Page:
— Missionary Travels and Researches in South Africa - Journeys and Researches in South Africa • David Livingstone

... too, that Napoleon was detained a prisoner at Malmaison after his abdication. It was presumed, that he deferred his departure, in the hope of being replaced at the head of the army and of the government. These Memoirs will show, that this hope, if it dwelt within the breast of Napoleon, was not the real motive of his stay in France; and that he was detained there by the committee of government, till the ...
— Memoirs of the Private Life, Return, and Reign of Napoleon in 1815, Vol. I • Pierre Antoine Edouard Fleury de Chaboulon

... for him. We did our utmost to stay ye anguish of Mr. Gerrish, but could make out little till Mr. Rogers who knoweth somewhat of anatomy did bid ye sufferer to sit down on ye floor, which being done Mr. Rogers took ye head atween his legs, turning ye face as much upward as possible and then gave a powerful blow and then sudden press which brot ye jaws into working order. But Mr. Geirish did not gape or laugh much more on that occasion, neither did he talk much ...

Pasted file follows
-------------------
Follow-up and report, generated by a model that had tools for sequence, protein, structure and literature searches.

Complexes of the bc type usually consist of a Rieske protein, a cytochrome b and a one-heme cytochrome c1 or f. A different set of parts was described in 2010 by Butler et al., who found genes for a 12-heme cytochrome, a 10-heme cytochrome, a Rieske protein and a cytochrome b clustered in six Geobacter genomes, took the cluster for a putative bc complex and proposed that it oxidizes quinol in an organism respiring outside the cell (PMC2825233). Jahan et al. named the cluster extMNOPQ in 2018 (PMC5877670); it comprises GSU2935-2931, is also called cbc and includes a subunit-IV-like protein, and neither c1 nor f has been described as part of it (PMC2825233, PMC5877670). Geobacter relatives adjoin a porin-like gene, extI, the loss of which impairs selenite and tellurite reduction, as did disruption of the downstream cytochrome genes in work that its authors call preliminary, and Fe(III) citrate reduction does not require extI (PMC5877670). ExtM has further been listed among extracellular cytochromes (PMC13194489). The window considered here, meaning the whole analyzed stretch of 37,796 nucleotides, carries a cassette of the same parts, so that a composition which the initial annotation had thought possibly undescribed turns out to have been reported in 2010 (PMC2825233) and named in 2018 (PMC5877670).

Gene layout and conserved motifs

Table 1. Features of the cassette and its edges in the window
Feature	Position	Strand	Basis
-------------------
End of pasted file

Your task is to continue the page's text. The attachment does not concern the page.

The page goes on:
— Sabbath in Puritan New England • Alice Morse Earle

... That's the fun! I like to show that I can walk alone sometimes, and not be snatched up the moment I pop my head from under ...
— Hopes and Fears - scenes from the life of a spinster • Charlotte M. Yonge

... instructions I called at once on General Grant, to see if they were to be considered so pressing as to preclude my remaining in Washington till after the Grand Review, which was fixed for the 23d and 24th of May, for naturally I had a strong desire to head my command on that great occasion. But the General told me that it was absolutely necessary to go at once to force the surrender of the Confederates under Kirby Smith. He also told me that the States lately in rebellion would be embraced in two or three military departments, the commanders of ...